Changing Notions of Environmental Justice in the Decision to Host a Nuclear Fuel Storage Facility on the Skull Valley Goshute Reservation

March 14, 2001

This paper examines the conflict surrounding the Skull Valley Band of Goshute Indians' decision to host an interim storage facility for high-level radioactive waste on their reservation in Utah. This paper challenges the predominant tradition of environmental justice scholarship and activism that focus on the inequitable distribution of hazards in low-income minority communities. We examine the underlying historical, political, and geographical contexts of the emerging nuclear landscape of the American West and focus on how the political and environmental dynamics of siting a nuclear facility intersect with issues of community self-determination and identity formation. Specifically, we examine notions of tribal sovereignty and contemporary tribal identity politics and how these complicate and hinder tribal involvement in a full range of decisions about development. Environmental justice activism and literature tend to restrictively define the authentic indigenous response to development and natural resource management, particularly when projects are controversial and technologically complex. The restrictive definition expects that tribes will refuse to grapple with technology, calling it an anti-spiritual manifestation of the non-tribal world. In labeling the tribal response, there is no distinction made between the variety of indigenous players and distinct communities represented, the differing scopes of governing authority, and heterogeneous responses to projects tagged as environmentally unjust. Rarely is there discussion of the range of values placed on specific sites by specific tribes and how these values should inform development decisions. Finally, this view of "authentic," legitimate tribal involvement undermines the capacity building necessary for tribes to achieve a level of sovereignty and justice where they are educated and proactive in a full range of development and resource management decisions.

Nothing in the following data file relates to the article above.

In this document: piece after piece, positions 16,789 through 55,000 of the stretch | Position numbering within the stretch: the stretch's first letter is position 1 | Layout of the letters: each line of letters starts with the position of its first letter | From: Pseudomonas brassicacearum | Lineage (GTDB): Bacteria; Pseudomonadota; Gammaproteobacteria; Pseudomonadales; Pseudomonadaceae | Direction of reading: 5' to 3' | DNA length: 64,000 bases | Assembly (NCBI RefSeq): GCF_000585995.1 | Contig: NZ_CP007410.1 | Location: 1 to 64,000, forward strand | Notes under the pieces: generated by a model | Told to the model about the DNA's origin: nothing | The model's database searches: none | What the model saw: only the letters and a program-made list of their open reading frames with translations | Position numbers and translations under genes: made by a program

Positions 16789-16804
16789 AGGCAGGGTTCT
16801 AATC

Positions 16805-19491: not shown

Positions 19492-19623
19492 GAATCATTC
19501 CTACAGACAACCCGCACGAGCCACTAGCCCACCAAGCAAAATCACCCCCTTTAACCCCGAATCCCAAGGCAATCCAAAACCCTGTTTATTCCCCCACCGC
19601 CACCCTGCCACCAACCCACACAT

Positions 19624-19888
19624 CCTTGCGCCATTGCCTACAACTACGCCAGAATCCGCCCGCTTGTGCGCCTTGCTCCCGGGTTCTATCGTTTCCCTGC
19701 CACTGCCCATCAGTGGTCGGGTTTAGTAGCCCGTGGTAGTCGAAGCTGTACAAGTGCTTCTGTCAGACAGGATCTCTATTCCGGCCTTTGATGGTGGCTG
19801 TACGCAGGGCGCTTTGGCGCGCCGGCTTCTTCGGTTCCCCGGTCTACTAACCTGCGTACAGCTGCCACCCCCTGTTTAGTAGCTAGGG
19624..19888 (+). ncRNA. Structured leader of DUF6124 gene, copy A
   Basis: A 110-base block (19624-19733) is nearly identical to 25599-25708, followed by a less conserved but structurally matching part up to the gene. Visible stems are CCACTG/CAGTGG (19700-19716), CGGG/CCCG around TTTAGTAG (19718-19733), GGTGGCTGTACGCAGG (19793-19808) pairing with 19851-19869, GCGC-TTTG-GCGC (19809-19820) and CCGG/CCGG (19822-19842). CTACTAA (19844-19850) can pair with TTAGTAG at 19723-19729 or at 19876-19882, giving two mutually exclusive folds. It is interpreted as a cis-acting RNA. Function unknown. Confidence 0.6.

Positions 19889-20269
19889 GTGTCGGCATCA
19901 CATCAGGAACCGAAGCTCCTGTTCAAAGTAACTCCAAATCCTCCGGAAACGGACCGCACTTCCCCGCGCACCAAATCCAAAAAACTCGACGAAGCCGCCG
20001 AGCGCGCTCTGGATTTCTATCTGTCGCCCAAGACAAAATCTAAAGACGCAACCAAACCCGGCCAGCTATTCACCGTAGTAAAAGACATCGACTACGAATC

Environmental Justice in Indian Country: Using Equity Assessments to Evaluate Impacts to Trust Resources, Watersheds and Eco-cultural Landscapes

September 12, 1999

Native American cultures, genetics, nutrition, and ways of life co-evolved with their natural systems through thousands of years. This process has resulted in seamless eco-cultural systems of humans, plants, animals, rivers, landforms, and air sheds. These eco-cultural systems have also provided its peoples with unique and valid environmental management science that has sustained the peoples and their resources for thousands of years. This resource-based perspective could form the basis of environmental justice risk assessment methodology in Indian Country. Cumulative impacts to tribal cultures are a combination of pre-existing stressors (existing conditions or co-risk factors) and any other contamination or new activity that affects environmental quality. Characterizing risks or impacts in Indian Country entails telling the cumulative story about risks to trust resources and a cultural way of life. Equity assessments could also be performed in a way that describes these systems-level cumulative risks/impacts. This requires improvements in metrics based on an understanding of the unbreakable ties between people, their cultures, and their resources. Specific recommendations are presented for performing equity assessments in Indian Country and for developing a Risk Ethics discipline.